better backstroke starts

Backstroke starts. Love them or hate them, a good start can mean the difference between first and second. Our pictorial guide will give you a few pointers about how to make the most of your start in five steps, all the way through to the breakout.


1. be prepared

Keep your shoulders relaxed and don’t forget to breathe!
Your feet should be shoulder width apart. If you have trouble slipping on the wall, try putting one foot lower than the other.

  • Your toes could be anywhere from 2-8 inches under the surface of the water, whatever feels most comfortable, but your feet must be completely submerged. You are not allowed to curl your toes into the gutter or over the edge of the pool.
  • When you are called to your marks, begin your pull up. You don’t want to get too curled up however – pull your head in towards the block but keep your knees at about a 90 degree angle. Your backside will be a little way away from the wall.


2. take off

When the gun goes off, first push with your hands away from the block, throw your head back, then drive with your legs.

You need to get your hands around your body to a streamlined position in time to execute an entry into the water. This can be easier if you move them around the sides of your body. Pushing them straight back over your head will force your body down to the water.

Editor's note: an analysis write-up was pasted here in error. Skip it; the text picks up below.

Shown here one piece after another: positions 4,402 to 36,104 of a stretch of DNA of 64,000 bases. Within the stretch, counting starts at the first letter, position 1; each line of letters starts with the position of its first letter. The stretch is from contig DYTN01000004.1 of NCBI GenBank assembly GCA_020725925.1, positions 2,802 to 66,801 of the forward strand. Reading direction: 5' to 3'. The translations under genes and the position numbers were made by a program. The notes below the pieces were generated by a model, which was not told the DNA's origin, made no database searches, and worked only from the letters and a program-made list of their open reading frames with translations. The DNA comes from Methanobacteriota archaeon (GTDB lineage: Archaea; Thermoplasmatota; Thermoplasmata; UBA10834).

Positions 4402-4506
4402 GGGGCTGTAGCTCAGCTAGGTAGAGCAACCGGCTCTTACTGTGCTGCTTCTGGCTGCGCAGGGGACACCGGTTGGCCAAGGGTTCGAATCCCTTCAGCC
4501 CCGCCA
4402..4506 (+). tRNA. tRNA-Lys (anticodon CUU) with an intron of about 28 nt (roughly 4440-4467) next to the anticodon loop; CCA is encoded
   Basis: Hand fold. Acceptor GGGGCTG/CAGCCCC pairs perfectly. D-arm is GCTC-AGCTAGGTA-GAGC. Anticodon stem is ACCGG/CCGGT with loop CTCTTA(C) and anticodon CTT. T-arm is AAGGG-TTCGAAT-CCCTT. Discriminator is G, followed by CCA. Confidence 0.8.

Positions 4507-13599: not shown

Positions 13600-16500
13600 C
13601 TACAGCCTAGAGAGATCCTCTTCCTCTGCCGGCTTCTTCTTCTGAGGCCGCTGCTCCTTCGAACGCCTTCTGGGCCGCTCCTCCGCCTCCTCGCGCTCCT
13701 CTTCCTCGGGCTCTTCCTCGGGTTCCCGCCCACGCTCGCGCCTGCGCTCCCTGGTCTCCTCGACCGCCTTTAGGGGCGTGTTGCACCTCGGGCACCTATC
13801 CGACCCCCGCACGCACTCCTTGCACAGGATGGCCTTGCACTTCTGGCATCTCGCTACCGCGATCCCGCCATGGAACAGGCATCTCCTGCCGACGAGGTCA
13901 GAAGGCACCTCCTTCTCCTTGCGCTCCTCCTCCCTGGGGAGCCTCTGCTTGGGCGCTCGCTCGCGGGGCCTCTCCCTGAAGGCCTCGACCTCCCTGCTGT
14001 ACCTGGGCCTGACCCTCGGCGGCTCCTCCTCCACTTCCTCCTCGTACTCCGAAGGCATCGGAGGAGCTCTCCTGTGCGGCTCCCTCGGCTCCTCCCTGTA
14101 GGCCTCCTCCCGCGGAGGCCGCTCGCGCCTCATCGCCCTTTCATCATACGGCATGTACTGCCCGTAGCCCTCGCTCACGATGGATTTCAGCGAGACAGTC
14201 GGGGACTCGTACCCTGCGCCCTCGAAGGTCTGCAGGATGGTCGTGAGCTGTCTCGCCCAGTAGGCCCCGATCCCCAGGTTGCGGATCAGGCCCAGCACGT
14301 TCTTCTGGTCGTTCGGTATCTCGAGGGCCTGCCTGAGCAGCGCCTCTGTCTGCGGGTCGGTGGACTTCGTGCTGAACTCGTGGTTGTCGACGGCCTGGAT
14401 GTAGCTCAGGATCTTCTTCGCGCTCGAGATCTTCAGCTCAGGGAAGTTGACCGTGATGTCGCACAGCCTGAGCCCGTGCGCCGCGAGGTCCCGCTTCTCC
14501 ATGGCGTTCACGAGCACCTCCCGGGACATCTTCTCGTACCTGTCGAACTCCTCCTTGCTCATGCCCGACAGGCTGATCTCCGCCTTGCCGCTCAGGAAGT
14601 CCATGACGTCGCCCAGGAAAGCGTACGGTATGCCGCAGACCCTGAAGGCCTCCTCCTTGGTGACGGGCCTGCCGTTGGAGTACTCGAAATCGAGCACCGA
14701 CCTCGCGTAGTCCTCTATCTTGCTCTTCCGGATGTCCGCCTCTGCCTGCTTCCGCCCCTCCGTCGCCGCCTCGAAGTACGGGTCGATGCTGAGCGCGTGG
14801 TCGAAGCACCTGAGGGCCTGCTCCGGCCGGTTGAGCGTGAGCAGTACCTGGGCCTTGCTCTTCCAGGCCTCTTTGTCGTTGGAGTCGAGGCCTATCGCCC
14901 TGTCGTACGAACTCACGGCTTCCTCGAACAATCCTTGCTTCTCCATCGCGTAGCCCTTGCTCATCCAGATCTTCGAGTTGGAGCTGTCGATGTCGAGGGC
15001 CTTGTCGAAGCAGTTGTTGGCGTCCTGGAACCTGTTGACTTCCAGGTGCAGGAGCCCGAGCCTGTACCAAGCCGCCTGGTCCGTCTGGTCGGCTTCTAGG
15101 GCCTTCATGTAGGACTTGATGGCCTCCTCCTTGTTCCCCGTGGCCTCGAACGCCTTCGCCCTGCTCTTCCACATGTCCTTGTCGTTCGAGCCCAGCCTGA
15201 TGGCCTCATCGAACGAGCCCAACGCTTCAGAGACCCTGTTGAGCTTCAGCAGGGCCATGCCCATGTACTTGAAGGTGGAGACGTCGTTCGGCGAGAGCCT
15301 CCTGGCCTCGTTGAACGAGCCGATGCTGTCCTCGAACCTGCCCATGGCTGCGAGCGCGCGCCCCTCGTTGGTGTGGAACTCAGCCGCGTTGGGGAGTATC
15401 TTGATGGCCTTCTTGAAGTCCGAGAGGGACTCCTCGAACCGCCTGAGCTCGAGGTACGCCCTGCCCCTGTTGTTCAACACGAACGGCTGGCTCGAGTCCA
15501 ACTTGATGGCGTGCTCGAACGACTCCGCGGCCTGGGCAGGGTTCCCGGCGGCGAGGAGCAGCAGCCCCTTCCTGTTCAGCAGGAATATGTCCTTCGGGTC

3. water entry

Arch your back after you come off the wall and push your midriff upwards.
Make sure you get a good streamlined position as you enter the water – one hand on top of the other with your head tucked in between your arms.

  • You should try to go through the same spot in the water with your entire body; hands first, head second, body last
  • Flick your feet up as your legs go into the water to prevent them catching on the surface and creating drag, slowing down your entry.


4. underwater

Once you are underwater keep in a good streamlined position – one hand on top of the other with your head tucked tightly in between your arms, but not too far back.
If you use butterfly kicks keep them small and powerful, and make sure you kick from the hips. Count your kicks to ensure you don’t go over the 15m maximum allowed underwater.

  • If you have trouble with water going up your nose breathe out whilst you’re underwater or consider using a nose clip.
  • If you find yourself too deep, angle your hands upwards slightly – this will bring you back to the surface without losing your streamline.


5. break out

Begin your pull with your bottom hand
Keep your other arm tight against your head

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